Did you know, your biggest brand influencers might be right under your nose? According to global PR firm Weber Shandwick, 50% of employees talk about their company on social media.
The problem? Most businesses are not aware of what their employees are saying about them.
This is a great opportunity to steer employees in the right direction when it comes to posting online. Most companies today have social media policies as part of the employee contract, and in many cases, posting negatively about the company online can prove a dismissable offence.
Just this year, a Toronto-resident says he was fired from a job he held for six years because he complained on Twitter about receiving a $6 bottle of barbecue sauce as a holiday gift.
Employees complaining about a problem at work via social media is becoming an increasingly common issue in employment law. Instead, by investing in your employees, providing training and guidance on safe content, and what is and is not acceptable to your company, you can help turn your employees into ambassadors of your brand, empowering them to be influencers in their own right, and to take part in your company-wide marketing strategy.
7. Pay to Promote Your Posts
Organic reach of social posts only goes so far. To really build your brand, increase conversions, and earn new customers you must consider investing in paid advertising on social platforms. Paid advertisements are particularly effective because of the targeting capabilities of the
platforms. You can target specific audience groups to share your content with, increasing reach, visibility, and brand awareness to the people most likely to convert.
Getting paid advertising on social media right can be a game changer. But, like everything on social media, getting it right isn’t easy. Identifying where to get the most bang for your buck, whether that’s from sponsored content placements, brand partnerships, working with social media influencers, or creating paid ads, is more often than not a case of trial and error. Check out what your competitors are doing as it’s a good indication of what works, especially if they’ve been doing it for some time.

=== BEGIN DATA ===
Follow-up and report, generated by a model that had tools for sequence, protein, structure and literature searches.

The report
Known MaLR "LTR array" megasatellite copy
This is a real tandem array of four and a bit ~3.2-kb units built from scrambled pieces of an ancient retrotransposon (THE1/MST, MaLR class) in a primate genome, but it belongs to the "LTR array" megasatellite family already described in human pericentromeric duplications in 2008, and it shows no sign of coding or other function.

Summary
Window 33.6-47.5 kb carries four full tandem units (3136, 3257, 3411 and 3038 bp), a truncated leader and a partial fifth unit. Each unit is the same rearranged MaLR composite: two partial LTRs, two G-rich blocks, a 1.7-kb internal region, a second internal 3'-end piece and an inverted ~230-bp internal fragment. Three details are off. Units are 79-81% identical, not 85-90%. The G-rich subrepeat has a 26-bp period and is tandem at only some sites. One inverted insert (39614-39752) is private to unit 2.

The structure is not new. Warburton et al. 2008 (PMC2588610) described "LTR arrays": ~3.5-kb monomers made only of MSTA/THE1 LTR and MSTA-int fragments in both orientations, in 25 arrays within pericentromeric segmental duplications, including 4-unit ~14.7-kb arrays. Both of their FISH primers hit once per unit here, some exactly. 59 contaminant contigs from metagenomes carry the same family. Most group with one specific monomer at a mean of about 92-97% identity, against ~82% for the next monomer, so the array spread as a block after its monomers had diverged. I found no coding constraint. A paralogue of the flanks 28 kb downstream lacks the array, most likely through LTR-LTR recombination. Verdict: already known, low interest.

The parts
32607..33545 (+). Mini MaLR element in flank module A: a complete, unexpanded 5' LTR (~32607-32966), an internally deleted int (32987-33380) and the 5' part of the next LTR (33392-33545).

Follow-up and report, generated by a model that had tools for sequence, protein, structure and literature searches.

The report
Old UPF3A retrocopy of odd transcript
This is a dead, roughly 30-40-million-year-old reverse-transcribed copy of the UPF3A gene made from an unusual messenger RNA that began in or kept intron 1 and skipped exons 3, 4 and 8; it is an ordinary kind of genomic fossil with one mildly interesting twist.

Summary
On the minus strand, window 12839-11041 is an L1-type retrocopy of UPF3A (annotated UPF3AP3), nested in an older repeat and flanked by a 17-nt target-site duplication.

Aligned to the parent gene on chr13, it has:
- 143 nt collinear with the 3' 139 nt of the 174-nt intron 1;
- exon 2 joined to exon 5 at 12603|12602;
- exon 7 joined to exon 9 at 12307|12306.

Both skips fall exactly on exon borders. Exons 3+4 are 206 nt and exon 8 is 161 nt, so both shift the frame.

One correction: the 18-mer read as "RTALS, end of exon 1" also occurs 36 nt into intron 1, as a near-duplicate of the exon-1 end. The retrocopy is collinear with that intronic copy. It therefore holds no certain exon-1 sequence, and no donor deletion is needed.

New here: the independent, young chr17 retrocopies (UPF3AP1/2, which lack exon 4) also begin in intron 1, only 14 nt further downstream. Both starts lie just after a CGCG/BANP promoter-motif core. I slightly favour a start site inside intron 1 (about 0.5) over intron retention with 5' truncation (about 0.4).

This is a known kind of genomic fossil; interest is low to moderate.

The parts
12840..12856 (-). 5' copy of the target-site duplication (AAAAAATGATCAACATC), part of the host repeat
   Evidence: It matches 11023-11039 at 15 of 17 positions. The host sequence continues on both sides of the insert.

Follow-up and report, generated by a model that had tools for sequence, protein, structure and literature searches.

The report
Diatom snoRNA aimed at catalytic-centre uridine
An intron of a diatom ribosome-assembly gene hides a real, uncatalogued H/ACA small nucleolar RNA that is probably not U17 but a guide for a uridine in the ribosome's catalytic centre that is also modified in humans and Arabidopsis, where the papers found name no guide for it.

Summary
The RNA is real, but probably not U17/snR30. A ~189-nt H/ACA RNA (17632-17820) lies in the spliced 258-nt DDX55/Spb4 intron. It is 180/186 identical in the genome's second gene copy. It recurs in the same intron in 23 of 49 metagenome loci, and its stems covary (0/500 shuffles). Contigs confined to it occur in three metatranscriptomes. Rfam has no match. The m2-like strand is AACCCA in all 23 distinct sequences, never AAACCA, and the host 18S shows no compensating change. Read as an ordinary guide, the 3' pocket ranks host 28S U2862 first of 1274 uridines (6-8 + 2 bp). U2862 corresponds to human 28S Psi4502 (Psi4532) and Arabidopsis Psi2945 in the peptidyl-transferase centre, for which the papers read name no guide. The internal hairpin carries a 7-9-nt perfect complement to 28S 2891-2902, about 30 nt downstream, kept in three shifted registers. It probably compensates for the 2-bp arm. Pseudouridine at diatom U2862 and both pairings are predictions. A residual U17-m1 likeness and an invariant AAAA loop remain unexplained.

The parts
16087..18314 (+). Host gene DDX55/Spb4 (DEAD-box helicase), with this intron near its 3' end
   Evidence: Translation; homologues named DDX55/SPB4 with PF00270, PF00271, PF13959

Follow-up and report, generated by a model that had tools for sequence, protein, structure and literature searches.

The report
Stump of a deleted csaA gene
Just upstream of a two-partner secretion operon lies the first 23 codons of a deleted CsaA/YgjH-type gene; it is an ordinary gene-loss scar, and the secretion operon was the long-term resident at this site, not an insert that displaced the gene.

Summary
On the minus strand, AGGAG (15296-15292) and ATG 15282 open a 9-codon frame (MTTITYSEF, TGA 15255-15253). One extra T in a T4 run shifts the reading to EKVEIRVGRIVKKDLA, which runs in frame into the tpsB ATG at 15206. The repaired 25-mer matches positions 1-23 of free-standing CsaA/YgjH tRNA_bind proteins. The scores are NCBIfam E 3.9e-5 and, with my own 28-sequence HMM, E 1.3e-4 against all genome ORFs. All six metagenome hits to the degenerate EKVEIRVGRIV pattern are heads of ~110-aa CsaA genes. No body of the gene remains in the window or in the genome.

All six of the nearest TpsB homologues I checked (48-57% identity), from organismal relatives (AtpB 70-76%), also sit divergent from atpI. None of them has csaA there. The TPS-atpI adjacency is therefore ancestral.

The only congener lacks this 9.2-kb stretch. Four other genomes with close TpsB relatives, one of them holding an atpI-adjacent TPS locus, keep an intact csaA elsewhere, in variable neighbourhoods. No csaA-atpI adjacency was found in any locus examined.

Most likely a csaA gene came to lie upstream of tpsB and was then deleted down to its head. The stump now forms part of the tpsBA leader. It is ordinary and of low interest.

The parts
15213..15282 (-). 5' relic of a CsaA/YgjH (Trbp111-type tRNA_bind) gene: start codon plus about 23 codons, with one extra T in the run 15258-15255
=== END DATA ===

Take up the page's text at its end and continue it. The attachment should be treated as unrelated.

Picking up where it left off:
Whatever ads you choose to test, make sure to track audience responses and engagement rates so that you can quickly see what isn’t working and optimize the campaigns that are working for even better performance. With a data-driven and strategic paid advertising campaign, you get a bigger chance that your content reaches your target market in the most cost-efficient way possible. Remember, what works on one platform might not work on another and vice versa. Customize your advertising strategy for each platform.
8. Don’t Just Set It and Forget It
Finally, social media content marketing is not a set-it-and-forget-it program. It requires constant monitoring and optimizing to ensure you’re getting the most out of your efforts. Regularly analyze metrics to derive useful insights about your social media activity. Social media success is different from company to company. While an eCommerce brand might measure conversions and sales, a non-profit would measure brand reach and engagement more closely. Decide before you start what’s important to you.
Social media is an incredibly powerful tool and can be leveraged to grow your brand, engage with your customers, and create loyal followers. To do it right takes an investment in resources. It must be treated like any other important business activity, and not seen as an afterthought, or something for the intern to work on. Optimized content marketing paired with a strategic social media approach will maximize your digital marketing ROI. When you really care about your audience, share great content, and communicate in a way that aligns with your culture, you will start to see the positive impact on your business and your brand.
Ultimately, social media might just be one of the best investments your company makes.